Why you need to care about the search presence of campaigns

By Elliot Tume - 19th November 2015

In the world of B2B technology marketing, we talk about campaigns, we care about inbound leads, we obsess over content marketing. SEO is someone else’s job, right?

But what if we told you that search was actually hugely important for your campaigns? And that search engine optimised campaigns were massively influential for your brand? And that this leads to a merry cycle of benefits for both your future campaigns and your brand as a whole?

Many are sceptical and won’t touch SEO with a bargepole, but let us bust some myths around the importance of campaign search presence and introduce you to a colourful concept that will change your view of Google.

Myth #1: My campaigns are separate to the website

Google has gotten a lot smarter over the years. Nowadays, it recognises that your landing page is (hopefully) on the same URL as your company website. Even if there are no links to your landing environment from the main site, your content is talking about your company and Google “knows” you’re part of the same thing. Therefore, the better search presence your main site has, the more it will benefit your campaigns as they can ride on the wave of Google popularity.
What’s more, you can take this into your own hands as your campaigns are actually very powerful in boosting your brand’s overall search presence (read on to find out how). This inherent relationship means that it is time to re-evaluate where your campaigns stand in relation to your wider brand.

Myth #2: I don’t work on the company website so SEO doesn’t really matter to me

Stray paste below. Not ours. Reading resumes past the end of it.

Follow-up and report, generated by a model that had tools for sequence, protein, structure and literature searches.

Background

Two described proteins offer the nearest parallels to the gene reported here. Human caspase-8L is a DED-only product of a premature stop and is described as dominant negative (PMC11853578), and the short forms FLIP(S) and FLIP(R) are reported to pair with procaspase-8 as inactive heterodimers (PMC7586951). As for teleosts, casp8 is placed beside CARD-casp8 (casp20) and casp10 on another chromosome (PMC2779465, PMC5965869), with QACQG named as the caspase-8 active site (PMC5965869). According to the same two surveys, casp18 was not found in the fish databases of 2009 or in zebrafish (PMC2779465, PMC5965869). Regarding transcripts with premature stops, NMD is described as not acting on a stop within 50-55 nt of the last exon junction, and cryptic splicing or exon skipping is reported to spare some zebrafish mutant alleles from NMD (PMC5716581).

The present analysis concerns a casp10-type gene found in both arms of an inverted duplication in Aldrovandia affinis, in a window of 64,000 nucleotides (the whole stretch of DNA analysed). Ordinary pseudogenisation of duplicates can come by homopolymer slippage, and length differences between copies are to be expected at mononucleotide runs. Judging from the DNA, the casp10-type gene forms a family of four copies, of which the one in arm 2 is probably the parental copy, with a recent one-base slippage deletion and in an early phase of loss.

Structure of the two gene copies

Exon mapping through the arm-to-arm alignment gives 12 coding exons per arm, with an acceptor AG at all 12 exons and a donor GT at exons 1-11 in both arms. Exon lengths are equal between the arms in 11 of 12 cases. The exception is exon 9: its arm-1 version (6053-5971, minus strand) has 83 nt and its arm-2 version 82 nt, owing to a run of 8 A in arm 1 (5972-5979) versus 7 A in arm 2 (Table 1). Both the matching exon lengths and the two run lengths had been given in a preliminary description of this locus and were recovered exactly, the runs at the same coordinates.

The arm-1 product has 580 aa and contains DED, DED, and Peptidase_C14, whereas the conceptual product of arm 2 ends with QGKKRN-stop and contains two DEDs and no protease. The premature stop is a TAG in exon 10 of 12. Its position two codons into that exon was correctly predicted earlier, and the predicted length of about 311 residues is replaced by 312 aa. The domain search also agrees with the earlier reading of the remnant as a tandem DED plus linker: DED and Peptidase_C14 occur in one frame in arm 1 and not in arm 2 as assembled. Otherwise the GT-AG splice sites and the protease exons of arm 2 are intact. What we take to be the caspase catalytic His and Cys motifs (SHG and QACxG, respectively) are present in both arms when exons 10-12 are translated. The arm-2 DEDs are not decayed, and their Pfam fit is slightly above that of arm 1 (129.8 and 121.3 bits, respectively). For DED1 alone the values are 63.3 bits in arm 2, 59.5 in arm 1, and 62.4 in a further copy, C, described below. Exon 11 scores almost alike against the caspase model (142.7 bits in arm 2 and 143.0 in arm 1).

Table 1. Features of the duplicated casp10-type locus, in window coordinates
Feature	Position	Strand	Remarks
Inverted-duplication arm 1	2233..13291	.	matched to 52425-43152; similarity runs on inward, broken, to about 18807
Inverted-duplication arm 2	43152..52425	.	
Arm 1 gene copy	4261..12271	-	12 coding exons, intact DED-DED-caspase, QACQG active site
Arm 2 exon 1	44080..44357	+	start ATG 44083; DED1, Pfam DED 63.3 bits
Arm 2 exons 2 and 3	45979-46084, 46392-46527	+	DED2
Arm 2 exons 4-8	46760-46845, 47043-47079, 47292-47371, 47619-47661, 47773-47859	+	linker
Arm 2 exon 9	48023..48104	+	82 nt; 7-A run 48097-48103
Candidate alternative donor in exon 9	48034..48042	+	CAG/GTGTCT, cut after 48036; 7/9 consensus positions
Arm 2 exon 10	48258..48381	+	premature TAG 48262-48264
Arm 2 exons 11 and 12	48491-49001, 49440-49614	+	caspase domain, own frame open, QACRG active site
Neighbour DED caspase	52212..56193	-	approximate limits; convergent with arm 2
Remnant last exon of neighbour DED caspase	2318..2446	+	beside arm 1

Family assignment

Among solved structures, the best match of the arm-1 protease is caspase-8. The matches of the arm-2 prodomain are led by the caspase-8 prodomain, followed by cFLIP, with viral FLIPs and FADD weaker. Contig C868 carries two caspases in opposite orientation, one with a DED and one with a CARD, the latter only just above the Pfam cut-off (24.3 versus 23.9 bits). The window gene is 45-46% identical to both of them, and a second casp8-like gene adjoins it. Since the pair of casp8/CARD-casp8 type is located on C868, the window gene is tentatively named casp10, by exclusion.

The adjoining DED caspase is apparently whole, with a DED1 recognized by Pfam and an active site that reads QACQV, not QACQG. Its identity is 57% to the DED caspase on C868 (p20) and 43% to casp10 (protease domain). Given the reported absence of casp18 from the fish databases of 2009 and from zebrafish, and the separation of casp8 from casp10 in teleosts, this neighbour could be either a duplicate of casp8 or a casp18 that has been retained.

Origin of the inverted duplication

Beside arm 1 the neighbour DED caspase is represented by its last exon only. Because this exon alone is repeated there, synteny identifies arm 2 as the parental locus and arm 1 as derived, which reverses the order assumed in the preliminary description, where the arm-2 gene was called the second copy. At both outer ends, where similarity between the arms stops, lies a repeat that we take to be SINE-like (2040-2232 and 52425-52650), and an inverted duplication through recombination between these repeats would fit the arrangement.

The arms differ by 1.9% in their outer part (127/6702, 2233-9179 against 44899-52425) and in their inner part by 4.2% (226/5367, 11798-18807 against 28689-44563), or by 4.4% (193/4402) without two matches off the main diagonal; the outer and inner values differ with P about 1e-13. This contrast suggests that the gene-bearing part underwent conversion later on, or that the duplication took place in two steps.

SEO isn’t just about the company website anymore. Have a think. The reason we perform SEO in the first place is to appear at the top of the search results. But what did the SERP (Search Engine Results Page) look like ten years ago compared to today?

serp 2006


In 2006, the search result was a simple list of web pages that Google tried to present in order of usefulness to the user. So to triumph in Google back then, yes SEO was the name of the game and company websites were the only players.


serp 2016


Today, search results look very different and there is more than enough space for your campaign alongside the company website. Google wants to pull enough information together from different sources to become the answer itself, rather than a directory of resources.

Today, there are tweets and news and ads and landing pages; in fact there is a large and growing list of SERP features that Google uses to create the most efficient, useful answer for users, and most of them draw elements from your campaign.

We’re calling this the SERP rainbow.

SERP rainbow

The SERP rainbow is a brand’s unique combination of search results for a given search term.

Myth #3: Search results aren’t important for my campaigns

We’ve already established that boosting the search presence of your brand’s website will also boost your campaigns’ search presence. But there are also direct benefits of your campaigns populating a healthy SERP rainbow.

If your campaigns look to fill as many segments of the SERP rainbow as possible, upon the right Google search, your brand will dominate.

Look at this example from Xero.

Xero serp rainbow

A brand search renders such a full and complex result that there is no room for any competitors above the fold. The user has options of pursuing a live Twitter conversation, the latest news results, a multitude of social profiles, and right at the top, the advert.

Xero have successfully tied their campaigns in with their search marketing to create a SERP rainbow that builds trust in the user.

With this many credentials being presented at once, the user can at a glance:

  • See that this is the company they’re looking for
  • Know exactly what that company does
  • Choose their preferred means of consuming information and communicating